We continue our efforts to keep you informed of key legal developments relating to COVID-19. Today, we focus on state and local issues, including the Governor’s announcement of the extension of the stay-at-home order. For our previous updates, please see HERE.
At today’s daily press conference, Governor Pritzker announced that he will be extending his stay-at-home order – currently set to expire on April 30th – until May 30th.
The Governor highlighted key points in the extension order to be issued next week, which will become effective on May 1st:
The Governor mentioned that his team is also talking with industry leaders and associations as it formulates the next step principles towards re-opening up the economy in a phased approach after May 30th. He emphasized that critical to the phased re-opening will be the state’s testing and contact tracing capabilities.
Workers’ Compensation. As we noted in our update last Tuesday (see HERE), the Illinois Workers’ Compensation Commission (“IWCC”) has amended its rules of evidence so that an exposure to the COVID-19 virus by a “First Responder” or “Front-Line Worker” – terms broadly defined to include those at essential businesses under the Illinois Stay-At-Home Order – is rebuttably presumed to have arisen out of and in the course of one’s employment.
Earlier this week, the Illinois Manufacturers’ Association and the Illinois Retail Merchants Association filed a lawsuit in Sangamon County Circuit Court in Springfield to block these rule changes. The plaintiffs argue that the rules are substantive law and that the Illinois legislature – not the IWCC – should be the one amending these rules. Today, Sangamon County Judge John M. Madonia issued an emergency temporary restraining order in the case.
Employers who are members of the two groups collectively employ millions of Illinoisans at factories and commercial outlets throughout the state, from grocery stores and pharmacies to hardware stores and gas stations.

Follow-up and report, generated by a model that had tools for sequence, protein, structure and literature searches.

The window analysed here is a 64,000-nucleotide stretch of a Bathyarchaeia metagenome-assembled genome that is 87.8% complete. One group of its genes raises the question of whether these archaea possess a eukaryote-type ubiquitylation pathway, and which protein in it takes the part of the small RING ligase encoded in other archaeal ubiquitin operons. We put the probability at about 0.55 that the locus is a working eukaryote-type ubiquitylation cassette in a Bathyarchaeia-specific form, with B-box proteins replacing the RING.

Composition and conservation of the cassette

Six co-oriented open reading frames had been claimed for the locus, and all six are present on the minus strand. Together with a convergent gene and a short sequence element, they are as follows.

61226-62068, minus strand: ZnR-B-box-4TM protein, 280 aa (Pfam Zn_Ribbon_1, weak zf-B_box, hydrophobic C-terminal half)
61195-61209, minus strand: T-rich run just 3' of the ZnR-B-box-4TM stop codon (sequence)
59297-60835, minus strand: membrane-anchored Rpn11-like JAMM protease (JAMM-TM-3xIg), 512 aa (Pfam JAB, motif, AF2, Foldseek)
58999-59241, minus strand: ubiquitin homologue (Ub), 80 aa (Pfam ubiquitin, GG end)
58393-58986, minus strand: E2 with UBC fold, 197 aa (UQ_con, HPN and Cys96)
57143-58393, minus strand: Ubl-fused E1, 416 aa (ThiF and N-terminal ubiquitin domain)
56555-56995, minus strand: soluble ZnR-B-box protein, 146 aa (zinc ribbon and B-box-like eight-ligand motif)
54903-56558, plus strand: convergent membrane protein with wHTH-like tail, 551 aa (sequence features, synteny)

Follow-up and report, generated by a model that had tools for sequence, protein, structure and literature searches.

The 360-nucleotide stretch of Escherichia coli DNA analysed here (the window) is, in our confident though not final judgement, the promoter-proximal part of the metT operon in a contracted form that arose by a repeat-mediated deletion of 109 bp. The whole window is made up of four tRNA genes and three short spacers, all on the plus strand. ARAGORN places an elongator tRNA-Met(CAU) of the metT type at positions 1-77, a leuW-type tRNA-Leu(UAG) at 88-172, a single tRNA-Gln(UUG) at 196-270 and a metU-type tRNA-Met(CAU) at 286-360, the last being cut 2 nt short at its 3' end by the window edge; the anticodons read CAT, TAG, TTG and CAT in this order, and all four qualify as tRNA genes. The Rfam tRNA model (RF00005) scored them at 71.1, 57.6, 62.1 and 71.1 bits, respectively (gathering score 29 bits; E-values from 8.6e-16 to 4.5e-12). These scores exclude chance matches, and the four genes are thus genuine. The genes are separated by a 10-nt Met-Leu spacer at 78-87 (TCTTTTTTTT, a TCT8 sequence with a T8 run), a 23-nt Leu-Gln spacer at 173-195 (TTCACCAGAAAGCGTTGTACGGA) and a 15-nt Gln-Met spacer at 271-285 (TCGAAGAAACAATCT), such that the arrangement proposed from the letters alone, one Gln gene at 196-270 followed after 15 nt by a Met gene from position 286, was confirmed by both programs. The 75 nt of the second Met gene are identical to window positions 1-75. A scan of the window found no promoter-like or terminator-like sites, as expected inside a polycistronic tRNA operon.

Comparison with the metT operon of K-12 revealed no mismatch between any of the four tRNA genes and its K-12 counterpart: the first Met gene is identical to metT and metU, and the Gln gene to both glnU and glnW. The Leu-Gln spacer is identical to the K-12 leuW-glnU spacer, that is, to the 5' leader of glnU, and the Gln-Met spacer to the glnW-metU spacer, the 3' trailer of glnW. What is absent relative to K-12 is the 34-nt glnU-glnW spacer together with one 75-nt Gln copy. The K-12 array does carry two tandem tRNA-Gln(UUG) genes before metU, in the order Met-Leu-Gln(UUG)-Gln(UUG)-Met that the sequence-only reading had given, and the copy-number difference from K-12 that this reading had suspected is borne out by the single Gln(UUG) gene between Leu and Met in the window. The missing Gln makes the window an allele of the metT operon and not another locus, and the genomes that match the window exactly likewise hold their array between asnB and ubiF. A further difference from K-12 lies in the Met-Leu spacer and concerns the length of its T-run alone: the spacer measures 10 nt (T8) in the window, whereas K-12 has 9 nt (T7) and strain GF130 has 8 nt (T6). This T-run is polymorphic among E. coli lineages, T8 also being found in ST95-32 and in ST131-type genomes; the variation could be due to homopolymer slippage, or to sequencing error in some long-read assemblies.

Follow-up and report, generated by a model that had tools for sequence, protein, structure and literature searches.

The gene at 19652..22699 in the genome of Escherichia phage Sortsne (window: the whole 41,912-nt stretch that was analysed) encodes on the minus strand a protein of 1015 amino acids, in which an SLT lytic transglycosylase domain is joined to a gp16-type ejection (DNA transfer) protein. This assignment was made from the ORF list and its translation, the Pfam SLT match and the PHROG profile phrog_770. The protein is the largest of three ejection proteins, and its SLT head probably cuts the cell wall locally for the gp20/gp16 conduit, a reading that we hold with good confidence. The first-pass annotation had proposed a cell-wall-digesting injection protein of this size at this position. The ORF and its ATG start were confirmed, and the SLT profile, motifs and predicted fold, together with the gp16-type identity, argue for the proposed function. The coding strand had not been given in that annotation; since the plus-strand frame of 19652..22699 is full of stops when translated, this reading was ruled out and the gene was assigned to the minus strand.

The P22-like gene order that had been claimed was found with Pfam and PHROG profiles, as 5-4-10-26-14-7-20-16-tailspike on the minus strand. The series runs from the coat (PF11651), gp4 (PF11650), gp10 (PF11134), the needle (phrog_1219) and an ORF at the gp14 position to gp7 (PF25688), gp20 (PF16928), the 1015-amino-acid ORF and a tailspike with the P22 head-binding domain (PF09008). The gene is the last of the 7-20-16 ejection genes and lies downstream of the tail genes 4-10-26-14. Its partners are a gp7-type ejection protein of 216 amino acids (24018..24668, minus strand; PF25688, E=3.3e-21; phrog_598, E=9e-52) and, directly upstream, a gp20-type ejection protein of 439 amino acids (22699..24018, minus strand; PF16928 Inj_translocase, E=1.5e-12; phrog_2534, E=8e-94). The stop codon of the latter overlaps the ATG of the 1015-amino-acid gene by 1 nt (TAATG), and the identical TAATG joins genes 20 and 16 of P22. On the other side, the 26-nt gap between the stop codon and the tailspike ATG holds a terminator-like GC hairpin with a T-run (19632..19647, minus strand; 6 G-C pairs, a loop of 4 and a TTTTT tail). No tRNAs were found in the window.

Federal OSHA Legislation. Congressional Democrats are pursuing an increase in worker safety measures as the phased re-opening begins over the coming weeks and months. House Democrats have introduced a bill, The COVID-19 Every Worker Protection Act, that would direct the Occupational Safety and Health Administration (“OSHA”) to set new rules for employers to keep workers safe. Such rules would require employers to adopt infectious disease protocols within a short period of time after the law’s enactment. The bill also provides whistleblower protections for those who complain about working conditions. A similar version has been introduced in the Senate; however, as of this writing, reports indicate that bipartisan support for the bill is lacking.
Commercial Real Estate. In the coming weeks, landlords will be preparing to re-open buildings in a phased manner as the stay-at-home order is lifted. We are encouraging our commercial tenant clients to reach out to their landlords and building managers so they can make plans for their space, including any reconfigurations required to allow for social distancing. Several companies have provided guidance to commercial landlords and tenants, including Cushman & Wakefield (see HERE) and CBRE (see HERE).
On Wednesday, the City Council met briefly in a virtual meeting that was live-streamed to the public. They will meet again this Friday, April 24th, at 1pm; the agenda can be found HERE. It includes a draft ordinance that authorizes various City departments to institute emergency measures in response to the COVID-19 crisis. See HERE. To participate in the public meeting, see the guidance posted on the City Clerk’s website HERE.
The Mayor’s office also introduced a draft ordinance – which is being referred to the Aviation Committee – providing the Commissioner of the Department of Aviation authority to negotiate various forms of relief to airport concessionaires at O’Hare and Midway airports.
In Tuesday’s update (see HERE), we reported that the Senate passed legislation providing additional funding for the SBA Paycheck Protection Program ($310 billion) and Economic Disaster Grant/Loan programs ($60 billion). The bill also included $100 billion for hospitals and testing. Today, the House – by nearly a unanimous vote – passed the bill and sent it to the President, who is expected to sign it shortly.
We will continue to send periodic updates on topics that may be helpful to your businesses. If you have a particular issue that you’d like us to address or if you’d like to be removed from the distribution list, please let us know.
Feel free to contact us with any questions.
Gery Chico, Jon Leach, and Alpita Shah